Staff commence strikes at Limerick hospitals group

Strikes: University Hospital Limerick

Strikes: University Hospital Limerick


CLERICAL staff at public hospitals in Limerick and across the region have this Tuesday commenced industrial action over the “excessive and unwarranted” salary being paid to a senior manager at UL Hospitals Group.

The IMPACT trade union insists that the work-to-rule will not affect patients at the five hospital sites concerned. They are University Hospital Limerick, the Maternity Hospital, Croom Orthopaedic, Ennis and Nenagh hospitals.

But the union says it cannot rule out an escalation of the action if staff are penalised for refusing to co-operate with chief operations manager Liam Casey.

Over 90% of members balloted by IMPACT voted in favour of industrial action over the appointment of Mr Casey through his own management consulting firm Starline.

They said the arrangement sees Mr Casey effectively being paid a salary of €250,000 as chief operations manager.

But public pay caps did not apply to persons appointed under consultancy contracts, the Department of Public Expenditure has also said.

The industrial action will see up to 500 administrative and clerical staff refuse to take instructions from Mr Casey.

Nor will they “provide data to him, co-operate with changes directed by his office, or agree to relocate, redeploy or change assignments if instructed”.

“The HSE director general has said the Mid-West Hospital Group needs additional administration staff to provide vital services to patients. The money spent employing just one management consultant would cover the costs of at least five clerical staff to help the hospitals cope with increasing demands. In these circumstances, staff very much resent reporting to a senior manager who is being paid at least twice the correct rate for the job,” said IMPACT general secretary Andy Pike.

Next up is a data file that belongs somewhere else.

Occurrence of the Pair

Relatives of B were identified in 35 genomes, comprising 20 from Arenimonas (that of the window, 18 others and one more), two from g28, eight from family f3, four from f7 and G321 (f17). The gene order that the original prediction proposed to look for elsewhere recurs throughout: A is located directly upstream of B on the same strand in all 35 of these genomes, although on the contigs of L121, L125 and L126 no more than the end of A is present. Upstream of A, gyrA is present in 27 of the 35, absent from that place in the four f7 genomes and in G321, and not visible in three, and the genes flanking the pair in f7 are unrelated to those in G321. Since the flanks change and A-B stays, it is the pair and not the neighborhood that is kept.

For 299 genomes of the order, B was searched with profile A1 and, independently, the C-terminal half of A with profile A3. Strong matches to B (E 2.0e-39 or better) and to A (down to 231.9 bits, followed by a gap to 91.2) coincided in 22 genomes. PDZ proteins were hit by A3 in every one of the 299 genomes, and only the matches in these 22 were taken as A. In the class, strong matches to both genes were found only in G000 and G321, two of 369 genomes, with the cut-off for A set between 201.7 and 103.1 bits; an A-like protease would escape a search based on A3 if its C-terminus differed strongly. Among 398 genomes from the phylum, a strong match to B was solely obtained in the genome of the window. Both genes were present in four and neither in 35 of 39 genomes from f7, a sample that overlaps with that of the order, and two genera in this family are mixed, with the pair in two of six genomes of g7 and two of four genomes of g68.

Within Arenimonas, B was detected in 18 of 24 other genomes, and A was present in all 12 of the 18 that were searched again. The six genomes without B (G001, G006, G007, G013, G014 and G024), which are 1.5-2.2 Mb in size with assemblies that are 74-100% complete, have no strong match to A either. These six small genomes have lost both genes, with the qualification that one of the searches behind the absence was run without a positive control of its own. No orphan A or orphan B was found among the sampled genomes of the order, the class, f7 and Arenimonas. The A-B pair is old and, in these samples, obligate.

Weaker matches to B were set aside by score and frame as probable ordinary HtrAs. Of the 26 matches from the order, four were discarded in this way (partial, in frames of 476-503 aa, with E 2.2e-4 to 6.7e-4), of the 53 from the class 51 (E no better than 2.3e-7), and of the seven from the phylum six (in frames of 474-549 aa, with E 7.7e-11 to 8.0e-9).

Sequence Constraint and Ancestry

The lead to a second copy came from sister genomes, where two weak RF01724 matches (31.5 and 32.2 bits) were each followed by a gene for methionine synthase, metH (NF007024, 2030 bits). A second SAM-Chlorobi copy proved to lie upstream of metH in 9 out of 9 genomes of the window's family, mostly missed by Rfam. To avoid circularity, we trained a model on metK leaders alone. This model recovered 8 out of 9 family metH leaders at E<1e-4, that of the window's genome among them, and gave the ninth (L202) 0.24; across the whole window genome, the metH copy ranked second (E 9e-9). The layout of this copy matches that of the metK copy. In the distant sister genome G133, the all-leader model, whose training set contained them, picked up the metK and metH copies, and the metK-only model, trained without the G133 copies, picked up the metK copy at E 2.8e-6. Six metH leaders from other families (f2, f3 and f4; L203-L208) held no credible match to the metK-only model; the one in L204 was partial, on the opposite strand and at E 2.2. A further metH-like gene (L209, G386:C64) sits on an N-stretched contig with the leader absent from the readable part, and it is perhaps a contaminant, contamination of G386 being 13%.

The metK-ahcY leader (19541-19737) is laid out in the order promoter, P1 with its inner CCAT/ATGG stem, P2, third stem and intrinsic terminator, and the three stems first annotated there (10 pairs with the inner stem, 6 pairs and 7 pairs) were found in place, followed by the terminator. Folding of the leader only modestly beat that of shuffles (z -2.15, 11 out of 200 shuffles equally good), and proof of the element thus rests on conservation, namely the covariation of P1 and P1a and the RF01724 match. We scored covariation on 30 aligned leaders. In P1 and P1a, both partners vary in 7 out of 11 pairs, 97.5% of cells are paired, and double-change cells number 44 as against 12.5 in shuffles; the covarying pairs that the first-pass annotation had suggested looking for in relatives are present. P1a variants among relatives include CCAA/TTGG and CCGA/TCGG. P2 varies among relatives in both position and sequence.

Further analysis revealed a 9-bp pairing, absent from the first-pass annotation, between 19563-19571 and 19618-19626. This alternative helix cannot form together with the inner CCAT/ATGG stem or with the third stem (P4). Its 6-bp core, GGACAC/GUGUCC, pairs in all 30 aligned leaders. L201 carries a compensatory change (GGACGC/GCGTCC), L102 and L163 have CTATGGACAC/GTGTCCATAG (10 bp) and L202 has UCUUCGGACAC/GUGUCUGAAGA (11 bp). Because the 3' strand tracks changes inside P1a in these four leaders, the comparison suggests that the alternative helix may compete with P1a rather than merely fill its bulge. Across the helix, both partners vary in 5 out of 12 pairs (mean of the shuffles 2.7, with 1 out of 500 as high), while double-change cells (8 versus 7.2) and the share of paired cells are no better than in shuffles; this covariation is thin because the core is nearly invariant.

He added that the union was again writing to the Public Accounts Committee over their concerns.

When the matter was raised with HSE director general Tony O’Brien at the PAC last month, Mr O’Brien defended the approach taken.

He said the HSE had advertised for the post but it had proved “impossible to fill for a variety of reasons, as sometimes occurs”.

“Consequently, on an interim basis, pending the re-running of the competition, we used an agency-based approach. In other words, we brought in someone from an agency to fill the role,” Mr O’Brien said.

And the HSE has told the Limerick Leader that it intends to re-advertise for the role. But IMPACT said its action would continue.

“While the hospitals group is expected to take steps to fill the chief operations manager post, it still appears that they are intent on retaining this consultant on a salary way above the proper rate for the job. Our action will continue until we get confirmation that the Starline contract is finished,” Mr Pike said.




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